In the 1950s, people who lived in the vicinity of the NTS were encouraged to sit outside and watch the mushroom clouds that were created by nuclear bomb explosions. Many were given radiation badges to wear on their clothes, which were later collected by the Atomic Energy Commission to gather data about radiation levels.

en.wikipedia.org...

Oh, and cattle again:


Plutonium was also separated and purified for use in nuclear weapons, which resulted in the release of radioactive material into the air. Air polluted by material from the Hanford site traveled throughout Washington, Oregon, Idaho, Montana, and even into Canada.

Further contamination filtered into the food chain via contaminated fields where milk cows grazed; hazardous fallout was ingested by communities who consumed the radioactive food and drank the milk...

...The estimate of those exposed to radioactive contamination due to living downwind of Hanford or ingesting food or water that flowed downstream is as high as 2 million.



posted on Jul, 13 2013 @ 10:46 PM
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reply to post by EarthCitizen07
 


I'm curious as to what evidence there is of any DUMBs. As Vallee said, "Where does their waste go?", and one would imagine such a facility would have a thermal image that could be detected via satellite. I personally find the Dulce story to be very sensationalist and I question the validity of personas such as Phil Schneider and Thomas Castello. Schneider is a guy with quite extraordinary claims, and I don't believe that Thomas Castello has ever been proven to be a real human.

There are two things which don't make me completely disregard the idea; the fact that Bennewitz believed there was a facility gives me pause, and a thread here on ATS where someone mapped out seismic disturbances during Project Gasbuggy, which look suspicious to my untrained mind. As to whether an underground facility could be 'hollowed out' with underground nuclear explosions is beyond any geological understanding I possess.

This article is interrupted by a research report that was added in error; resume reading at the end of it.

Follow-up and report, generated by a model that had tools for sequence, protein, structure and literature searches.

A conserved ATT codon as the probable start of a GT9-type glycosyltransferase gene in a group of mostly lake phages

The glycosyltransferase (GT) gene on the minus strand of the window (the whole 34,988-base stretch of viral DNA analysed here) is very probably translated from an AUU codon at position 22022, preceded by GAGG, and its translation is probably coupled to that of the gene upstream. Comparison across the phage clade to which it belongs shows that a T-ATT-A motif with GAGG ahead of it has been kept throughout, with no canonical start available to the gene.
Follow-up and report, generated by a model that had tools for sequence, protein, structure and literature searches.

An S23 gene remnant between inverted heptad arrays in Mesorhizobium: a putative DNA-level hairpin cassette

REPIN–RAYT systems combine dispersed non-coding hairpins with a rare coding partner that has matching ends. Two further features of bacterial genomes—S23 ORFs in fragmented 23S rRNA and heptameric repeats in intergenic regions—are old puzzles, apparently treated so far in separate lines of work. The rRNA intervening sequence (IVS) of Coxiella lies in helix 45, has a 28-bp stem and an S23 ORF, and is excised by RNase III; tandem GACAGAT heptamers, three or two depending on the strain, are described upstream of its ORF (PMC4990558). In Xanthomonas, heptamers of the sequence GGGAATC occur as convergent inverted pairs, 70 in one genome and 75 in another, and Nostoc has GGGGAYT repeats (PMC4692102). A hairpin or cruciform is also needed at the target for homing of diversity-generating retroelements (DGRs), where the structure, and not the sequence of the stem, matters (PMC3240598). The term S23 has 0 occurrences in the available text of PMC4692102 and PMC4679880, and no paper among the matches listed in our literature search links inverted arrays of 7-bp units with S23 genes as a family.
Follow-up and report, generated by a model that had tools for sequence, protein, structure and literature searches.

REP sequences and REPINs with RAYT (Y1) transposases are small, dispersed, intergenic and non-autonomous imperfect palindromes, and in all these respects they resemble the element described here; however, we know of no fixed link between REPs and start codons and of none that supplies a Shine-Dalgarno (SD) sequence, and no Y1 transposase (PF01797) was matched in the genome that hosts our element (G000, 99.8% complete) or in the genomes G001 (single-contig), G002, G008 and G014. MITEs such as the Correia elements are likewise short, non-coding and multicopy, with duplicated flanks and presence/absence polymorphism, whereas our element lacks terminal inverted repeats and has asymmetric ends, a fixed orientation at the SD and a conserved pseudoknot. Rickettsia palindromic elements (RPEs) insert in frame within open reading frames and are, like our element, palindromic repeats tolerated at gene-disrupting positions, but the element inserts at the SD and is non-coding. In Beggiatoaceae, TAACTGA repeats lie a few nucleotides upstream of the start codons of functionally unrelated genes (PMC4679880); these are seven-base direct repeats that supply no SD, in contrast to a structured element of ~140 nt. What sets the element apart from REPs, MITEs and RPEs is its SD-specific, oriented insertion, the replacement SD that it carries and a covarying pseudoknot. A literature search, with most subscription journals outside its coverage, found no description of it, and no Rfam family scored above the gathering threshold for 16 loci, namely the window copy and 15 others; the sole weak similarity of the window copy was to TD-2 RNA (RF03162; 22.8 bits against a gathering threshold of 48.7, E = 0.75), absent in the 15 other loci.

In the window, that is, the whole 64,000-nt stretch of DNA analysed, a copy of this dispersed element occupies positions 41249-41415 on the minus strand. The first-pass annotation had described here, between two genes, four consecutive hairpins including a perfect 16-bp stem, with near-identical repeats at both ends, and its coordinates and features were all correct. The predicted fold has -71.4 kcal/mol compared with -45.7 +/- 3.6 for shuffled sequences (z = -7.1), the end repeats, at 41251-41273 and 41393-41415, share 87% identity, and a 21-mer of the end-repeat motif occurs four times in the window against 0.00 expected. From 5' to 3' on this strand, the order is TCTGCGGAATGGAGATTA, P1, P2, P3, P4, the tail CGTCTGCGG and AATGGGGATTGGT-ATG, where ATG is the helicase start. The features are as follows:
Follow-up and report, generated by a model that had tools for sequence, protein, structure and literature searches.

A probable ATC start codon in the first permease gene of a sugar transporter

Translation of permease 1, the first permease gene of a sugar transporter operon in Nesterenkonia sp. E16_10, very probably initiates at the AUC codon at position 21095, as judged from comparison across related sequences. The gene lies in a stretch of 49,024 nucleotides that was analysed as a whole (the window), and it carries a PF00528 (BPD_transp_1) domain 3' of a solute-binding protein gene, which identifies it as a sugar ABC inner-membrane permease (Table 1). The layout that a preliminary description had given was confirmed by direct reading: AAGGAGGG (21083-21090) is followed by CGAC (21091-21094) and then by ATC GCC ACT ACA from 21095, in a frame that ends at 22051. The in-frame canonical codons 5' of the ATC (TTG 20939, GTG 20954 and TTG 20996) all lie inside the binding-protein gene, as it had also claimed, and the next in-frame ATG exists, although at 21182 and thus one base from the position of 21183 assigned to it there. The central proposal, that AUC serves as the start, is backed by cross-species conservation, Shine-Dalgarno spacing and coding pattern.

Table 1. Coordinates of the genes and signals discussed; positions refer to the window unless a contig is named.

As skeptical as I am, I'm not 100% willing to disregard the possibility of some underground facility at Dulce, although I would be more inclined to accept the existence of an underground U.S military base rather than a combined military/Grey/Reptilian facility.



posted on Jul, 13 2013 @ 10:55 PM
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Originally posted by The GUT
reply to post by Harte
 
Tell ya what I'll do, Harte. I'll call your non-existent IBID with a real one:


Distribution of Radiocesium in Cattle Body — Analysis Using a Compartment Model
Tsugiko Takase1, Yo#aka Takagai1, Muritsugu Uchida1, Kenji Nanba1, Tsutomu Ohtsuki1, Yasuyuki Muramatsu1 1Fukushima Prefecture; 1Fukushima University; 1Gakushuin University; 1Tohoku University


[Introduction] Radiocesium above interim emergency standard (500 Bq/kg) was found from the meat of Japanese black cattle that was fed with contaminated feed after the explosions ofFukushima Daiichi NPP (F1NPP) which made extensive pollution with radioincludies in mid-late March 2011. The followings need to be clarified to predict dynamics within the cattle for the establishment of countermeasure against the contamination: 1. Transfer of radiocesium from feed to the cattle (distribution within cattle), 2. Transfer of radiocesium within the cattle by the metabolism (biological half life). In this research, distribution of radiocesium within the body of cattle that was released in the restricted area when the farmers evacuated and lived for more than 5 months on the grass therein. A compartment model1) was applied to the radiocesium concentrations of tissue, urine and blood.